The Irish recovery was the result of the country’s attractive business environment, not the demands of the Troika, Aidan Regan explains. Our partner La Tribune reports.
Aidan Regan is the director of the Dublin European Institute (DEI) and teaches economics at the School of Politics and International Relations at University College Dublin. He spoke to Romaric Godin from La Tribune.
In February you published an article on the reality of Ireland’s economic growth. The most striking characteristic of this economic growth is the inequality that has developed alongside it.
Yes, we cannot deny that the Irish economy has grown strongly, but it has not benefitted everyone. Far from it. One figure is enough to illustrate this point: 65% of Irish households earn less than €50,000 per year. They are very angry, and the government’s statements about the economic recovery simply don’t wash with them.
You say that growth is concentrated in the big technology and pharmaceutical multinationals. Is this exacerbating inequality?
The jobs created in these big multinationals, which set up shop in Ireland because of the low corporate taxes and labour market flexibility, are very well paid jobs for highly qualified people. But that has led to a growing gap in Irish society between the high-tech and high-paid, and the low-tech and low-paid.
And only a small part of this growth actually benefits the Irish. Many of the jobs created by multinationals are, logically, taken by expatriates. While these companies create jobs in Dublin, young Irish people continue to emigrate.
So is the miracle of Irish employment real?
Since 2012, the number people of people in work has risen by 135,000. Large numbers have found jobs in industry, exported services or pharmaceuticals. But many jobs are temporary or precarious. And 82,000 people are still employed in jobs subsidised by the government.
Do you believe that Irish economic growth is the fruit of the “structural reforms” imposed by the Troika?
The Troika’s logic was to say that we needed to enact structural reforms, to privatise services and shrink the state. These measures were supposed to bring economic growth. But none of this was really done in Ireland. If we really look at the policies that were carried out, while spending and public investment were cut, the minimum wage was raised and the labour market was more strictly regulated. In Ireland we did the opposite of what the Troika recommended, and the country’s strong growth is based on the creation of well paid jobs. In short, the recovery really owes nothing at all to the Troika.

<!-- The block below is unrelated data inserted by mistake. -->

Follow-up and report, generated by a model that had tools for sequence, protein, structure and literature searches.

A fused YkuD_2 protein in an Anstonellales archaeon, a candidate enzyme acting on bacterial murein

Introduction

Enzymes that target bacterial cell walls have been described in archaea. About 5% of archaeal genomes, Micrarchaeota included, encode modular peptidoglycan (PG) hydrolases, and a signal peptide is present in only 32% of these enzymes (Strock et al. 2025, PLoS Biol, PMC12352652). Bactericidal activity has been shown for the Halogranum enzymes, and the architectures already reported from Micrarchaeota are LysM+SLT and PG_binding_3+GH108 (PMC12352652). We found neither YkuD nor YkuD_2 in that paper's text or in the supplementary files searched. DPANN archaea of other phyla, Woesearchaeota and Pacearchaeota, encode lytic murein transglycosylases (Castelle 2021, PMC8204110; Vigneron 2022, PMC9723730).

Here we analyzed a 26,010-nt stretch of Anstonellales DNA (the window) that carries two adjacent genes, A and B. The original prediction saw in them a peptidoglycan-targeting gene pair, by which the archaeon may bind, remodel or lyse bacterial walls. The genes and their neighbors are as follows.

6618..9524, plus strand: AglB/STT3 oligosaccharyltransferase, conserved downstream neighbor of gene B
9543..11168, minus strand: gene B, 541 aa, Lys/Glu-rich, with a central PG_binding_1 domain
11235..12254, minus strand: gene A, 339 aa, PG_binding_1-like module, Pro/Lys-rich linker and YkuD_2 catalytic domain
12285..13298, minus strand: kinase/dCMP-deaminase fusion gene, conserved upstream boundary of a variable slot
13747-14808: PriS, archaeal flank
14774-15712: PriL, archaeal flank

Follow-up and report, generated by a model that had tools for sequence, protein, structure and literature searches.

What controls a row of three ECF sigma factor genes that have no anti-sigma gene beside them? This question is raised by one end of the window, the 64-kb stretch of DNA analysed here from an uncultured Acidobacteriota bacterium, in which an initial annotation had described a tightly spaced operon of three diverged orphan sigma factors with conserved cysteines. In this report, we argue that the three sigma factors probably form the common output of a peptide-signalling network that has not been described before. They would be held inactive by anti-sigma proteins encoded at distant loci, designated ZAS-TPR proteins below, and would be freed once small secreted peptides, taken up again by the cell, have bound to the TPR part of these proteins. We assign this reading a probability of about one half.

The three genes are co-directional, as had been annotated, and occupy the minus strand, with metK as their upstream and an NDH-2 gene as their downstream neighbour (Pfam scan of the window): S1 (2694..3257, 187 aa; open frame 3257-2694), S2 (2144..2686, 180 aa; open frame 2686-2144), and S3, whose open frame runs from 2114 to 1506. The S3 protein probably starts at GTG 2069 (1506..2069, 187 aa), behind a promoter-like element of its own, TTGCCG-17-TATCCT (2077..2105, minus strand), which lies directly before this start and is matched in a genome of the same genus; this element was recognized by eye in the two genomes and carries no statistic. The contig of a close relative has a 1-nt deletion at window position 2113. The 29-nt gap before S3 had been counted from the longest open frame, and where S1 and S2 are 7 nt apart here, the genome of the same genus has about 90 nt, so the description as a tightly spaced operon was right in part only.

You also highlighted the importance of the state in Ireland’s attractiveness to multinationals…
This is a vital factor in Ireland’s success. The state has taken the lead in bringing companies to Ireland. Two state agencies, Enterprise Ireland and the Industrial Development Agency (IDA), have played a decisive role in increasing the country’s attractiveness by identifying developing trends and key businesses in various sectors, in order to help them establish themselves in the country.
The public money invested in these agencies has been money well spent. These two agencies are behind the “clusters”, the groups of businesses, arranged by sector, that are so important to Ireland’s success. They have been essential to the Irish economic model, and thanks to their work, Ireland has been able to take opportunities as technologies evolve, which other countries, like Finland, have been unable to do. It is thanks to these two agencies that the sectors dominated by multinationals were able to navigate the crisis without suffering any real damage.
So the Irish crisis was above all a banking crisis, not a crisis of competitiveness?
It was a banking crisis, but also a crisis of a political model based on tax cuts. Once the recession hit, the state budget was unable to cope with the reduced revenues and had to impose severe tax-hikes. But make no mistake: the only aim of budgetary austerity was to keep Ireland in the eurozone. That had nothing to do with the private sector and the national economy.
Ireland is in the middle of an electoral campaign. What parts of the different parties’ programmes do you find the most inspiring?
What is most striking, apart from the statements of the prime minister’s party on the recovery, is that the politicians have not learned their lessons from before the crisis. They are still proposing to cut taxes, as if Ireland’s European-style public services could survive on American-style taxes.
I believe that the Irish electorate is now ready to accept that they have to pay more taxes in order to fund the kinds of public services that the country really needs. And it is these public services that add to the country’s competitiveness and that are essential to keep the multinationals and their employees in the country in the long term. It is infuriating that Fine Gael [the prime minister’s conservative party] continues to push tax cuts to please its well-off voters, when the lack of public investment is a real danger for the Irish economy.